Just a few months ago, Vicki, a clerk in our deli department, stopped by my office to say hi. We chatted a bit, exchanged some small talk and she was on her way. As soon as she left, her department manager came by with tears in his eyes and told me that Vicki had just resigned as she only had a few months to live. What? I just spoke to her- she seemed perfectly fine. It turns out Vicki had just learned that she had Stage 4 Melanoma and the doctor told her she would not live to the end of summer. Vicki passed away on Sept. 7, she was 60 years old.
I did some research on melanoma to find out the causes, if it can be prevented, how to check for it, and if it is curable. If you don’t have time to read the entire post and possibly save your life- here is the short takeaway: Examine your body monthly for any moles and skin lesions. If you see anything unusual, get it checked.
From the Melanoma Education Foundation:
Melanoma is a common but serious skin cancer which, if not removed early while it is thin, spreads internally and is usually fatal. It is often ignored until too late because, in the early stages, it may look harmless and cause no discomfort. Many people don’t realize that something small on their skin can kill them if not treated promptly.
Although it is uncommon in children under 12, melanoma occurs in every age group after puberty. It is the most common cancer in the 25 to 29 age group and second most common in the 15 to 29 age group. Women under age 39 are more likely to develop melanoma than any other cancer except breast cancer. Overall, melanoma is the fifth most common cancer in males and sixth in females. The U.S. incidence of melanoma is more than double that of new HIV infections and is increasing at an epidemic rate; 123,590 new cases are predicted in 2011. Most new melanoma patients have no family history of the disease; it can strike anyone regardless of health, physical condition, or skin complexion. On the average, there is a melanoma death in the U.S. almost every hour.
The good news is that melanoma is easy to detect yourself at an early stage while it is thin and is curable by simple, painless removal in an office setting. All it takes is a ten minute monthly skin check. This site shows you how to check your skin, what to look for, and how to decrease your risk of melanoma: http://www.skincheck.org/Page5.htm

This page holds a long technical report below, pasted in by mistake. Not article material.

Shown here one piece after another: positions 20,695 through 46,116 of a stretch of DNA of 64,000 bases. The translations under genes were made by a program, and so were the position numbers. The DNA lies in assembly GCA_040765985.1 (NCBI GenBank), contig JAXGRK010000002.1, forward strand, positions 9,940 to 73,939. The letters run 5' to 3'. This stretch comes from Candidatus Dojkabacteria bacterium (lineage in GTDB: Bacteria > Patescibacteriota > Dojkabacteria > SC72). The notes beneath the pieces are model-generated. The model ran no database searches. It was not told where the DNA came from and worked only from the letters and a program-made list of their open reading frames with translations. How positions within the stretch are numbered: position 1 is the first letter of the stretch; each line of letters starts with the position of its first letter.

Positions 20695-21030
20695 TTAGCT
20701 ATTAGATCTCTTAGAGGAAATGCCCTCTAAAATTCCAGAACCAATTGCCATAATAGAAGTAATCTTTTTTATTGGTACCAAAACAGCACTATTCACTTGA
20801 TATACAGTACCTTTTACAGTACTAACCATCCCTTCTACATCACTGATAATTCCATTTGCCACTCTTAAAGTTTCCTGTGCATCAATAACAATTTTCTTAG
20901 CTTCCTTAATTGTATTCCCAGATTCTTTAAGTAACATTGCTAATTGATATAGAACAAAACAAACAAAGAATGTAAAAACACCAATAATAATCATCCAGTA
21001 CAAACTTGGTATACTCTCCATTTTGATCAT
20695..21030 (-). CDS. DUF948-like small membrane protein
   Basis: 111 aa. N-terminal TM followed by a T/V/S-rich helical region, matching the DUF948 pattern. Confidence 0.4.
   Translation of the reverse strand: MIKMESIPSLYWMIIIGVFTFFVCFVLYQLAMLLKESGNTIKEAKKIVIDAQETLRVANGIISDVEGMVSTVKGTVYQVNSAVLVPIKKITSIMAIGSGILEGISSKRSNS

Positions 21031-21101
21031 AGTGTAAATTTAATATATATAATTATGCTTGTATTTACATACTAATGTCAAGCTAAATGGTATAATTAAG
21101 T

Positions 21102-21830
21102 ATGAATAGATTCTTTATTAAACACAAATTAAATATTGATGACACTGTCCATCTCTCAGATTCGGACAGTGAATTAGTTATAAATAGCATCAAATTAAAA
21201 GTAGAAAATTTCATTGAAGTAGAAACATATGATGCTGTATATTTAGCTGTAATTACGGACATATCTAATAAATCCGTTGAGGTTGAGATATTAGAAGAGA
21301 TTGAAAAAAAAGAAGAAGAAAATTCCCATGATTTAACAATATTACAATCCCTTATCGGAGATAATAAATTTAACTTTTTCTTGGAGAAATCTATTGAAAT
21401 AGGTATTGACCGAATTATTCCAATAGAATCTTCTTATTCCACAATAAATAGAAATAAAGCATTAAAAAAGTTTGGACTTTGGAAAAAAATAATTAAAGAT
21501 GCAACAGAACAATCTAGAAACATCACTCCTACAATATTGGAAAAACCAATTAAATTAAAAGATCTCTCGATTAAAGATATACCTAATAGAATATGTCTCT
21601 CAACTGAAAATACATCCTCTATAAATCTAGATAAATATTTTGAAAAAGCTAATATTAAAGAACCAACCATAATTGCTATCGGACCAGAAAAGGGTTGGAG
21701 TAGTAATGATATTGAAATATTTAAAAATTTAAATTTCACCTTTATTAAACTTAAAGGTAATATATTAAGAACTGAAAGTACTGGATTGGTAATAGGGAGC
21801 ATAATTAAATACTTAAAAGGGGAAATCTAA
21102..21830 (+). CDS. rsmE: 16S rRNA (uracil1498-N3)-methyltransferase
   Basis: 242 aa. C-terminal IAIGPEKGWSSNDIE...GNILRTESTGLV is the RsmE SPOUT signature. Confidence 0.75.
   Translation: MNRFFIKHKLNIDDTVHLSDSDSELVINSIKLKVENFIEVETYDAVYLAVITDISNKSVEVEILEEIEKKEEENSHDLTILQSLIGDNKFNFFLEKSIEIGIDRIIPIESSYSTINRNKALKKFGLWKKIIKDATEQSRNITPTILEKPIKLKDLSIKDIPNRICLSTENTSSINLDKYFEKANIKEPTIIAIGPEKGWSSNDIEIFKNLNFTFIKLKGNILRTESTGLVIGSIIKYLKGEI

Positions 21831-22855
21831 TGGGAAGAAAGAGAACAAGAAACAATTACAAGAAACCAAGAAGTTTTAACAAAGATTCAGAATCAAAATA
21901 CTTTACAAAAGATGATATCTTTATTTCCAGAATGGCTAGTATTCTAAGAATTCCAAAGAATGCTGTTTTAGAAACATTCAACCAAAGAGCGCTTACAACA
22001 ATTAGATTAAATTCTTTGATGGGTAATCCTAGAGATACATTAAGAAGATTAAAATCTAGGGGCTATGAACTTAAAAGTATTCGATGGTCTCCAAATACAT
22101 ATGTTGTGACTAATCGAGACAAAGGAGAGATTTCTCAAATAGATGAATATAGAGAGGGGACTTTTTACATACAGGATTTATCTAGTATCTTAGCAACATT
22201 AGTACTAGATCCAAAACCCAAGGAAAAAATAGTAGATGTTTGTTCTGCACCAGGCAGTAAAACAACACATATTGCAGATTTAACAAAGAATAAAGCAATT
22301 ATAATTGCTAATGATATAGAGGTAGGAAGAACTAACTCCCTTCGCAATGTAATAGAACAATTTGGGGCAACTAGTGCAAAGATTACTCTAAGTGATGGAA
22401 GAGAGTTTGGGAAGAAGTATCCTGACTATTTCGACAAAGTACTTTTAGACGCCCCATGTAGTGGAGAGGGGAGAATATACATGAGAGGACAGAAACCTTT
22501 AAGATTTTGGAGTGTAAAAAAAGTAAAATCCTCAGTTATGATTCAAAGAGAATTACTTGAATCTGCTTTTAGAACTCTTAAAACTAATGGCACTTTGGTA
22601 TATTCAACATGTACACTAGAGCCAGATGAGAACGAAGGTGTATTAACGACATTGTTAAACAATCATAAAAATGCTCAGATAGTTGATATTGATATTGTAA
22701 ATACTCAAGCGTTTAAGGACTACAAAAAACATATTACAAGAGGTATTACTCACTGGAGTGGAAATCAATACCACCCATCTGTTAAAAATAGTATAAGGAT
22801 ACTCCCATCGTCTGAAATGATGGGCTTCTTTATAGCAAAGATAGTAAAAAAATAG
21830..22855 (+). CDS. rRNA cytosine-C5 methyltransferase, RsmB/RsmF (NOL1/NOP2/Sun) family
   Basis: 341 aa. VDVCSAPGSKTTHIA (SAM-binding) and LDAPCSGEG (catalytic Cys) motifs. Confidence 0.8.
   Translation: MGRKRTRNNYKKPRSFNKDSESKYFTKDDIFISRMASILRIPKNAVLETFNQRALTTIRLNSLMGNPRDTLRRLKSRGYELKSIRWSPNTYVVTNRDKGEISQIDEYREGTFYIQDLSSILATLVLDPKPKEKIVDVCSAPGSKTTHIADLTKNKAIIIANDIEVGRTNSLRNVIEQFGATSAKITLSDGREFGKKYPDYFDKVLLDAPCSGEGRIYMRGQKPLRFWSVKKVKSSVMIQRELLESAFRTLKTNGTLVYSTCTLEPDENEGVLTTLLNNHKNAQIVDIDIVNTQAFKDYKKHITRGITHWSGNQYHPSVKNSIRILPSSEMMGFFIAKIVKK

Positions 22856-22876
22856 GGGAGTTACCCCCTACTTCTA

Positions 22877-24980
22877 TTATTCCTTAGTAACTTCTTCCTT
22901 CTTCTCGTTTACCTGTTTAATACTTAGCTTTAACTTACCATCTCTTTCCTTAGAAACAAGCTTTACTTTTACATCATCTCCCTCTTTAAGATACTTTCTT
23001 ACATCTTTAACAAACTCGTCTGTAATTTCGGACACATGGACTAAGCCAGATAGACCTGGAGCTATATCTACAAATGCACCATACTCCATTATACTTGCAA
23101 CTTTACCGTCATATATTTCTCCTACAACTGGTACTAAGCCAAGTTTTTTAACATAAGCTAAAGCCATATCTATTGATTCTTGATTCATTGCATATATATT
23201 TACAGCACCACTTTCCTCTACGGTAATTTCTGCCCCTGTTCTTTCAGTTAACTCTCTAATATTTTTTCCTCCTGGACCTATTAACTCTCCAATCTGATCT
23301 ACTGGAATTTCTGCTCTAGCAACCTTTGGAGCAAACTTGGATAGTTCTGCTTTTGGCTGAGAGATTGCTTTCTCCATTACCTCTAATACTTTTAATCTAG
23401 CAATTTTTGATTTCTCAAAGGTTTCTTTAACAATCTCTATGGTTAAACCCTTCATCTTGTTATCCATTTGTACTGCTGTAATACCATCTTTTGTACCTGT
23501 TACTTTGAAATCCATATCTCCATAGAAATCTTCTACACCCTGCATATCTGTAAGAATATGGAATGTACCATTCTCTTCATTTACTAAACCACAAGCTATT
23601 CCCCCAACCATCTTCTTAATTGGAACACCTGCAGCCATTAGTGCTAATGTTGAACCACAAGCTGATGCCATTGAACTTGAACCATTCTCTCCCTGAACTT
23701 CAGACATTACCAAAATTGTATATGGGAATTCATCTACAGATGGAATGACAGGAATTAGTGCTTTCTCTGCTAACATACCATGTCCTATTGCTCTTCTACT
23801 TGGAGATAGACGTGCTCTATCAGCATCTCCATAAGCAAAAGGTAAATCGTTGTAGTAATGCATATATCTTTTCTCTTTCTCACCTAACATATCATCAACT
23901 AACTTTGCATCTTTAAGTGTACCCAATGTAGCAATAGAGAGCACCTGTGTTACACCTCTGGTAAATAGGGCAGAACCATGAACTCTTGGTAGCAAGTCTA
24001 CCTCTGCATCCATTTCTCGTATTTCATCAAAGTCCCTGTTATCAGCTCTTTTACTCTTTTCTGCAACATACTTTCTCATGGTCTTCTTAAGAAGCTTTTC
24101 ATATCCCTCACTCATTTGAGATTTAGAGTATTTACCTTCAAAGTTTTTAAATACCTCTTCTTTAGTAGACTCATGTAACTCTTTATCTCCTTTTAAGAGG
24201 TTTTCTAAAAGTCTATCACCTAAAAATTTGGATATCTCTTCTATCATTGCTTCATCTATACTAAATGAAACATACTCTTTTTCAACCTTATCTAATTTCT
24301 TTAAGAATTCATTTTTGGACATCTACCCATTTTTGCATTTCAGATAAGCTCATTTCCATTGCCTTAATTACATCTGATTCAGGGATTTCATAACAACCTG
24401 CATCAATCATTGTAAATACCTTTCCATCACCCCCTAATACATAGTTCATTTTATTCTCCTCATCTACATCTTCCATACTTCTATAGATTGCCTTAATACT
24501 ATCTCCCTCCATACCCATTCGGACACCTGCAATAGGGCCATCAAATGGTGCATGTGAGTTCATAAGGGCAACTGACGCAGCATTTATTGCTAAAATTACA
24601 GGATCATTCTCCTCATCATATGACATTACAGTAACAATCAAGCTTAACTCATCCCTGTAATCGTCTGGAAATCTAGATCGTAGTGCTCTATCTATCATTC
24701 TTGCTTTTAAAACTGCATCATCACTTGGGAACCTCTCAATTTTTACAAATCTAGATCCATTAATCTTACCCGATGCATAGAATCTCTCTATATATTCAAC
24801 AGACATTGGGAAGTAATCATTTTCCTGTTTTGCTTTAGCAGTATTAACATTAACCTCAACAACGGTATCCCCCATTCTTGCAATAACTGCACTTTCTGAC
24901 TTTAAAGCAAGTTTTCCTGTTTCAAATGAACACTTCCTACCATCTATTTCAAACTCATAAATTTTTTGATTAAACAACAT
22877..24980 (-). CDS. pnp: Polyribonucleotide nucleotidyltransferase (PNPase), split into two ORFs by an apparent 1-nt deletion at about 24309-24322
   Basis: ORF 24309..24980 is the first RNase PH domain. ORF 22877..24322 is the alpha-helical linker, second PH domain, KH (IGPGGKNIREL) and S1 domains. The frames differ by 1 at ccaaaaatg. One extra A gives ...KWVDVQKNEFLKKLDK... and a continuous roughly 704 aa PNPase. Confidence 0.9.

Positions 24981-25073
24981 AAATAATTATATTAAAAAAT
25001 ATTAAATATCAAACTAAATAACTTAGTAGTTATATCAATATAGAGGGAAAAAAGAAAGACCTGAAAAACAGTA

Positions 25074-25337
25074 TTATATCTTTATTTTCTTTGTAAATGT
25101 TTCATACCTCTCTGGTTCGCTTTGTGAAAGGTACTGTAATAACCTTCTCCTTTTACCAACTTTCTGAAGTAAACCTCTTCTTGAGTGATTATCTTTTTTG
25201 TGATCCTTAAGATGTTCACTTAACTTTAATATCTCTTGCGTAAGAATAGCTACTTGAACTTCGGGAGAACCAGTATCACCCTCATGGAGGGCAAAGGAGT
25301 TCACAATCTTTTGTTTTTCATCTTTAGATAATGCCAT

What causes melanoma?
Although the risk of developing melanoma cannot be eliminated, it can be reduced by minimizing exposure to ultraviolet (UV) radiation from the sun and from tanning lamps, especially during childhood and adolescence.
- Skin damage from UV exposure is cumulative throughout your lifetime and cannot be reversed.
- One blistering sunburn before age 20 doubles your lifetime risk of melanoma. Three or more blistering sunburns before age 20 multiplies your lifetime risk by five
- Temperature does not affect the intensity of UV radiation; exposure in winter can be just as damaging to your skin as exposure in summer.
- Light clouds and haze do not protect against UV exposure. A heavy overcast prevents most UVB exposure but only about 50 percent of UVA exposure.
- Reflection of UV radiation from light surfaces such as sand, water, concrete, and snow can damage your skin. A beach umbrella may provide as little as 50 percent protection from UV radiation due to reflection from sand.
- Being in water (or covered in water) does not prevent UV damage to your skin and may even magnify the damage.
I have been an indoor tanner for several years but as I get older it is causing a a lot of damage to my skin so I haven’t been in the booth for a few months. The information below (also from the Melanoma Education Foundation) might keep me from sunless tanning in the future.
What You Should Know About Indoor UV Tanning
The Indoor Tanning Association is lying to you and to tanning salon operators about the risks of indoor tanning. They want you to believe that “responsible” indoor UV tanning is safe, that there is no compelling evidence that UV radiation from tanning beds causes melanoma and other skin cancers, that getting a base tan protects you from subsequent sunburn, and that indoor UV tanning may even protect you from cancer by generating Vitamin D. The absurd claims of the five billion dollar per year UV tanning industry of today and the tobacco industry of 30 to 40 years ago are frighteningly similar.
- UVB radiation from tanning beds and tanning booths has about the same intensity as that of the sun. UVA radiation from tanning beds and tanning booths is 10 to 13 times more intense than that of the sun.
- A 2007 Australian study found an overall increased melanoma risk of 22 to 36 percent among individuals who had used a tanning bed.
- A 1994 Swedish study published in American Journal of Epidemiology found that tanning bed users under age 30 who tanned 10 times or more per year multiplied their lifetime risk of melanoma by nearly eight.
- Using a tanning bed to reduce the risk of sunburn before going to a sunny climate is ineffective. A tan provides protection equivalent to a sunscreen with an SPF of 2 to 3, not nearly enough to prevent sunburn.
- UV exposure is not required to provide an adequate amount of Vitamin D. The Vitamin D found in supplements is the same as the Vitamin D generated by exposure to sunlight. Supplements are just as effective as sunlight for those who are deficient in Vitamin D.
Things to remember:
-Limit your exposure to UV rays- use sunscreen everyday
-Stay out of tanning beds
-Check your body monthly and DON’T wait to get anything unusual checked out by a doctor. It could be a matter of life and death.
Thank you to Vicki for being such a wonderful person. We’ll miss you but we thank you for bringing awareness to this disease. Rest in Peace.
- Indoor Tanning: The Risks of Ultraviolet Rays (everydayhealth.com)
- What are the consequences of being in the sun too long (wiki.answers.com)